Needless spending undercuts government’s frugality policy


The China Post news staff

The central government has been undergoing restructuring in recent years, closing down some offices and merging some others. In theory, the goal is to form a slimmer and more efficient bureaucracy that is run by a smaller staff and less expenses. But some revelations have shown that theory and reality often do not match. At least some government bodies and officials have not been working towards achieving that goal. Functions of the now defunct Government Information Office have been split between the Ministry of Culture (MOC) and the Office of Information Services (OIS), headed by the Cabinet spokesperson. But OIS and MOC have been criticized for their wasteful operations. It is definitely not an easy job for Cheng Li-wen to fulfill her duty as the Cabinet’s spokesperson, and she naturally needs a lot of support. But support from an OIS staffed by more than 70 people seems too much. And running this office, according to lawmakers, requires payrolls totaling more than NT$60 million each year, plus all necessary (and unnecessary) expenses.

The spokesperson has admitted that the office is over-staffed. Earlier this week she said the OIS is addressing the problem by not filling vacancies when any of her staff leaves. But she is not ready to take the further step of immediately cutting staff size, which means unnecessary expenses will continue and work that could be done by one person will continue to be handled by two or even more. It means taxpayers’ money will continue to feed a system whose leader knows perfectly well it is a waste of money running it in its current form, but remains comfortable letting it run that way until someone retires or departs.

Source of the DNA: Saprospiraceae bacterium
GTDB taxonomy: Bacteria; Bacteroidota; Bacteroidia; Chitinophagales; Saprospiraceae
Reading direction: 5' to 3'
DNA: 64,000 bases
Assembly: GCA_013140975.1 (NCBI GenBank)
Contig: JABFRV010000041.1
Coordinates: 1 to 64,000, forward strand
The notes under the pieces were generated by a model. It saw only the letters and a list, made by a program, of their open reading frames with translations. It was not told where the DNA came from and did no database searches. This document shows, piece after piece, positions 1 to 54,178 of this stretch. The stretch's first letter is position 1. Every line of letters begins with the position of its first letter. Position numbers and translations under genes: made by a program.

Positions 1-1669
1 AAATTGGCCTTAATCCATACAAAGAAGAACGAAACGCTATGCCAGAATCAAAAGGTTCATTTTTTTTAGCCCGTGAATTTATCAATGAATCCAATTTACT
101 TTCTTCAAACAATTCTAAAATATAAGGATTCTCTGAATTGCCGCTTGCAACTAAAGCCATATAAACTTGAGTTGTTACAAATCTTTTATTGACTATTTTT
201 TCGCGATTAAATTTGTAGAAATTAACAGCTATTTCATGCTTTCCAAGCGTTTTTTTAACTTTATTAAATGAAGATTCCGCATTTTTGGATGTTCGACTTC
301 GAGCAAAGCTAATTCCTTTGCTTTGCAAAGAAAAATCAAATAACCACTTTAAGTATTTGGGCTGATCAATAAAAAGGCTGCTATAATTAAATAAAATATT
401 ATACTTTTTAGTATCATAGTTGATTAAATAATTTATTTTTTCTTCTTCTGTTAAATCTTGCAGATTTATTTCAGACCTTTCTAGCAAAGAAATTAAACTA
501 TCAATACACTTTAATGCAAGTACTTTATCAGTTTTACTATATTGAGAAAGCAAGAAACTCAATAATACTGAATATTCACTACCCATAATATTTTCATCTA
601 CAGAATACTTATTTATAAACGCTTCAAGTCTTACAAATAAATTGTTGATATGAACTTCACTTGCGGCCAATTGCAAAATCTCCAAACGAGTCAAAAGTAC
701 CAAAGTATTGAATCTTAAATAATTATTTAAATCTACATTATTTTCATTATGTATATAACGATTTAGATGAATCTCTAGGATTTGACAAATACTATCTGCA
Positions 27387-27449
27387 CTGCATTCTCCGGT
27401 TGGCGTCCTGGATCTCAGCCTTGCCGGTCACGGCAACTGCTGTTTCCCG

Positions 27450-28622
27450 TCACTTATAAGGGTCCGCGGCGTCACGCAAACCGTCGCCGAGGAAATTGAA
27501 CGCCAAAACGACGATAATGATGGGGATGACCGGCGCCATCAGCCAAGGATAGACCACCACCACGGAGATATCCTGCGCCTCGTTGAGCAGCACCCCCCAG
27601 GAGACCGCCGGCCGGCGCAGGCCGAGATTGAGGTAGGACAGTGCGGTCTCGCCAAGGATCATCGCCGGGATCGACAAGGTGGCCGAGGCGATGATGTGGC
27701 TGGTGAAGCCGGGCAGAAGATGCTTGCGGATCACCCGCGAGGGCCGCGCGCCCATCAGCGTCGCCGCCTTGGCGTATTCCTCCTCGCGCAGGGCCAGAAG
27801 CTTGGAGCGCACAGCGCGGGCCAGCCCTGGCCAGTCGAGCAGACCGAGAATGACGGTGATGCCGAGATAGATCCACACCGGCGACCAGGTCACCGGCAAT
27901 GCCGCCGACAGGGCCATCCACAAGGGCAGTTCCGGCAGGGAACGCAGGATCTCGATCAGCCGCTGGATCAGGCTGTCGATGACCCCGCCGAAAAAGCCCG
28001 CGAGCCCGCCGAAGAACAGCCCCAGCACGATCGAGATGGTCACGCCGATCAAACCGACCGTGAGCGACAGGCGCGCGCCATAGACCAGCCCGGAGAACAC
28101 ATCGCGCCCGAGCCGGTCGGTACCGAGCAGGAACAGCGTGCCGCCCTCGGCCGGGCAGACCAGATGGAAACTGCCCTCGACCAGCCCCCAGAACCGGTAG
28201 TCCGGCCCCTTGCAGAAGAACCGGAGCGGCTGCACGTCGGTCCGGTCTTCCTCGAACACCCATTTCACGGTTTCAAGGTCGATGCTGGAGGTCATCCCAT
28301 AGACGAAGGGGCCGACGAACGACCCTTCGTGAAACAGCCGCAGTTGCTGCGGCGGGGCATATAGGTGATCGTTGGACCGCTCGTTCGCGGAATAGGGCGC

The culture minister, Lung Ying-tai, of course, like any other of her Cabinet colleagues, is busy. Her time is very precious and cannot be wasted. So instead of wasting her time, she wastes ours. Not exactly the form of our time, but in the form of money all taxpayers have to spend time making.

It has been revealed that Lung — formerly a cultural critic known for her support for democracy — currently has two offices, one in Taipei and one in Xinzhuang, New Taipei. She is keeping the Taipei office because she does not like the hassles of having to commute to Xinzhuang, where the MOC office is headquartered. Reports have suggested that she is also looking to set up a third office for herself. Asked if it is proper for a minister to have more than one office, Premier Jiang Yi-huah told lawmakers that it is unnecessary. But he still defended Lung by saying that her Taipei office is a temporary one that reduces the time it takes her to travel to the Legislature to meet lawmakers. The excuse is totally absurd. First, the MOC is located in Xinzhuang, not a remote location — such as, let’s say, Fulong, the New Taipei area where the island’s fourth nuclear power plant is being built. Xinzhuang is in the heart of New Taipei’s urban areas, and it is not far enough from the Legislature compound to justify Lung’s needs for a “temporary office.” Second, maintaining an extra office means extra expenses. We don’t see why a Cabinet official should spend more government money when the cash-strapped government is eager to cut expenses. Doesn’t Lung feel it her responsibility to help the government cut expenses? Doesn’t it occur to her that some other Cabinet members’ offices are also outside Taipei, such as the Atomic Energy Council, which is in Yongho, New Taipei? Is their time less precious than hers? Are they less busy than she is? We are not asking government officials to sacrifice everything they have for the nation. That is not how a normal nation should be run. We still hope officials can work comfortably. But when the economy is so bad and so many people are complaining about their hardships, we do hope these government officials can show more sense and more understanding of what really is happening in society.